Home Prices Rise for Fourth Straight Month
Home prices rose for the fourth month in a row in May, suggesting the recovery in the housing market continued to gain traction.
The S&P/Case-Shiller composite index of 20 metropolitan areas gained 0.9 percent in May from April on a seasonally adjusted basis, topping economists’ expectations for a 0.5 percent gain.
On a non-seasonally adjusted basis, prices fared even better, jumping 2.2 percent. Compared to a year ago, price declines moderated to slip 0.7 percent, the smallest drop since the last time year-over-year prices rose in September 2010.
The housing market, which collapsed during the 2007-2009 recession, has been a relative bright spot in the economy this year. Mortgage rates continue to hover near all-time lows, Consumer Confidence is up and many Realtors are reporting a shortage of supply as home inventory levels continue to fall. All of these factors point towards some positive momentum in the housing sector.
What Happened to Rates Last Week:
Mortgage backed securities (MBS) lost -7 basis points from last Friday to the prior Friday which caused 30 year fixed mortgage rates to move higher.
We had our highest mortgage rates on Friday and our lowest on Thursday.
It was the week of inaction as both the U.S. Federal Reserve and European Central Bank announced no new measures to support their respective economies.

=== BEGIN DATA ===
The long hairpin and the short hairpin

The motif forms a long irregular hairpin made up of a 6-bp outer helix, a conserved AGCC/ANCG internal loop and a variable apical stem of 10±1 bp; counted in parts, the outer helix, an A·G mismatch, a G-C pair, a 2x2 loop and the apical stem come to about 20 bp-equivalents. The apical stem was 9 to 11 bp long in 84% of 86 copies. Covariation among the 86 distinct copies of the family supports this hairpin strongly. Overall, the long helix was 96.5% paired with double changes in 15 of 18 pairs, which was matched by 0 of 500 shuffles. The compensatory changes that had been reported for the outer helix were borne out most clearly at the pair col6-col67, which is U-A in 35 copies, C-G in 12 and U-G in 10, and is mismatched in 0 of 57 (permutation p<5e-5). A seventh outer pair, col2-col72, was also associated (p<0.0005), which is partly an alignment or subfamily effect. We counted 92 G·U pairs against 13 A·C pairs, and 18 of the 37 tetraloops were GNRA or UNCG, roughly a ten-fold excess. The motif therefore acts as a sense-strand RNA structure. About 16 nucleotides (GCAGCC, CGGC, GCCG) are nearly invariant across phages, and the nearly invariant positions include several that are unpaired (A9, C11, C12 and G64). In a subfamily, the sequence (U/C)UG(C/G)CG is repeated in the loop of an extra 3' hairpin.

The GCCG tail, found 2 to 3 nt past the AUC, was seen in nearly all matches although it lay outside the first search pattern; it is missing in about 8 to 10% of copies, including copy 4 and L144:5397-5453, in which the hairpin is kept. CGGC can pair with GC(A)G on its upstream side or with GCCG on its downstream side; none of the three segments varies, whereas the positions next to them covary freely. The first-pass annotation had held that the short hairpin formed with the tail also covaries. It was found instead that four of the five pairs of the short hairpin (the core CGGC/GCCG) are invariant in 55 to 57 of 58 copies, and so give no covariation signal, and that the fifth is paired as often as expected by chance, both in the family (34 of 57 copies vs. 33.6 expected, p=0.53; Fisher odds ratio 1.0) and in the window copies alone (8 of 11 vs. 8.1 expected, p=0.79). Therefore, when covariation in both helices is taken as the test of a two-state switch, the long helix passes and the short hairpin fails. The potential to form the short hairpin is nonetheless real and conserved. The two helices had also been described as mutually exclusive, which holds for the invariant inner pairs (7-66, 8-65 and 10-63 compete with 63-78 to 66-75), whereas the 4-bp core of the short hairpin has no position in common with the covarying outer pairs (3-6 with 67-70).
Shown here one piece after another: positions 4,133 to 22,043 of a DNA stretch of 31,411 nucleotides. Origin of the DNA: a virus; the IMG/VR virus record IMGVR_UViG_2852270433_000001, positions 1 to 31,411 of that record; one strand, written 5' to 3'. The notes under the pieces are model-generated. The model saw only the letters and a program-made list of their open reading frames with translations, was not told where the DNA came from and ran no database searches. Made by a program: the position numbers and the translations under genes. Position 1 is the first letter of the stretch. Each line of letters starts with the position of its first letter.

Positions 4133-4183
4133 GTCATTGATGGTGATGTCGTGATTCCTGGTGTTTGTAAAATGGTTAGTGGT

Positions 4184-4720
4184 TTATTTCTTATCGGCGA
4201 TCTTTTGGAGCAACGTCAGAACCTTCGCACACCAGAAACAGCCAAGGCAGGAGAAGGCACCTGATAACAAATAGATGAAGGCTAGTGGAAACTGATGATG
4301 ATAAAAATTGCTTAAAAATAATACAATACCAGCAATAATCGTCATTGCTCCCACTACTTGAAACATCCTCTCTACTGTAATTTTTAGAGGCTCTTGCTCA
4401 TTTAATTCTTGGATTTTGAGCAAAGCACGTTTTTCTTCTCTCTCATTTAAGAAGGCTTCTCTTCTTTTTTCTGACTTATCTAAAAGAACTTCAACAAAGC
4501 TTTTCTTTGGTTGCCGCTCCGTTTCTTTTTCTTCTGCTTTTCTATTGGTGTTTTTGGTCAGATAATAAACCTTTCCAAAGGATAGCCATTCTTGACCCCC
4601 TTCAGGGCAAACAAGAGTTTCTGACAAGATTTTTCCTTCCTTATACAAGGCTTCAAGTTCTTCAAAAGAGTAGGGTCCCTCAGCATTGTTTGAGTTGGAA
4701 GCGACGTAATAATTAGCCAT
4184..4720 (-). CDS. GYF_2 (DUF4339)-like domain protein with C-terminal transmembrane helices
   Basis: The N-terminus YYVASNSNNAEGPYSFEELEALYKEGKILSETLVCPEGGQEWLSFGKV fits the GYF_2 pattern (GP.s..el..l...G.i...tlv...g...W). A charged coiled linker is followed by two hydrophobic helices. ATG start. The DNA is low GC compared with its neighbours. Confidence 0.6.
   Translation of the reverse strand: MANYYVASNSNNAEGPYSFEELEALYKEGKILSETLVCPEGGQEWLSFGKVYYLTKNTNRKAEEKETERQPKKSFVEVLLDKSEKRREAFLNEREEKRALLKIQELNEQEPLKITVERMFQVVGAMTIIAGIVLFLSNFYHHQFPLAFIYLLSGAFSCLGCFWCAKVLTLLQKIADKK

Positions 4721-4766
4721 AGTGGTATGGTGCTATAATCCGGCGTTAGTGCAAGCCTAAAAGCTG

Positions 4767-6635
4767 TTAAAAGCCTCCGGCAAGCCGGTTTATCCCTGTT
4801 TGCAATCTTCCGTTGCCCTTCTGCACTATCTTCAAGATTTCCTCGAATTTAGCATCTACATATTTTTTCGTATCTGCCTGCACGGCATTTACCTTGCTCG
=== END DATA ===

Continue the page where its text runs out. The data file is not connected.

We did have a major reversal from Thursday morning to to Friday morning.
Thursday morning mortgage backed securities shot up (giving you lower mortgage rates which move in the opposite direction) on market speculation that the President of the
European Central Bank would announce some new programs such as more bond purchasing from troubled countries like Spain and Italy. However, he delivered a big goose egg and did not announce any new programs at that time. This caused MBS to reverse course and sell off (causing mortgage rates to rise).
MBS sold off further on Friday’s Non-Farm Payroll data. While the Unemployment rate tick upward from 8.2% to 8.3%, the Non-Farm Payroll data showed that the private sector grew at a much better than expected 163K. This much better than expected U.S. economic news caused mortgage rates to rise on inflation concerns.
What to Watch Out For This Week:
The following are the major economic reports that will hit the market this week. They each have the ability to affect the pricing of Mortgage Backed Securities and therefore, interest rates for Government and Conventional mortgages. I will be watching these reports closely for you and let you know if there are any big surprises:
|Date||ET||Economic Release||Actual||Cons. Estimate||Prior|
|7-Aug||3:00 PM||Consumer Credit||–||$10.0B||$17.1B|
|8-Aug||7:00 AM||MBA Mortgage Index||–||NA||0.20%|
|8-Aug||8:30 AM||Unit Labor Costs -Prel||–||0.40%||1.30%|
|8-Aug||10:30 AM||Crude Inventories||–||NA||-6.522M|
|9-Aug||8:30 AM||Initial Claims||–||375k||365K|
|9-Aug||8:30 AM||Continuing Claims||–||3290K||3272K|
|9-Aug||8:30 AM||Trade Balance||–||-$47.5B||-$48.7B|
|9-Aug||10:00 AM||Wholesale Inventories||–||0.30%||0.30%|
|10-Aug||8:30 AM||Export Prices ex-ag.||–||NA||-1.40%|
|10-Aug||8:30 AM||Import Prices ex-oil||–||NA||-0.30%|
|10-Aug||2:00 PM||Treasury Budget||–||NA||-$129.4B|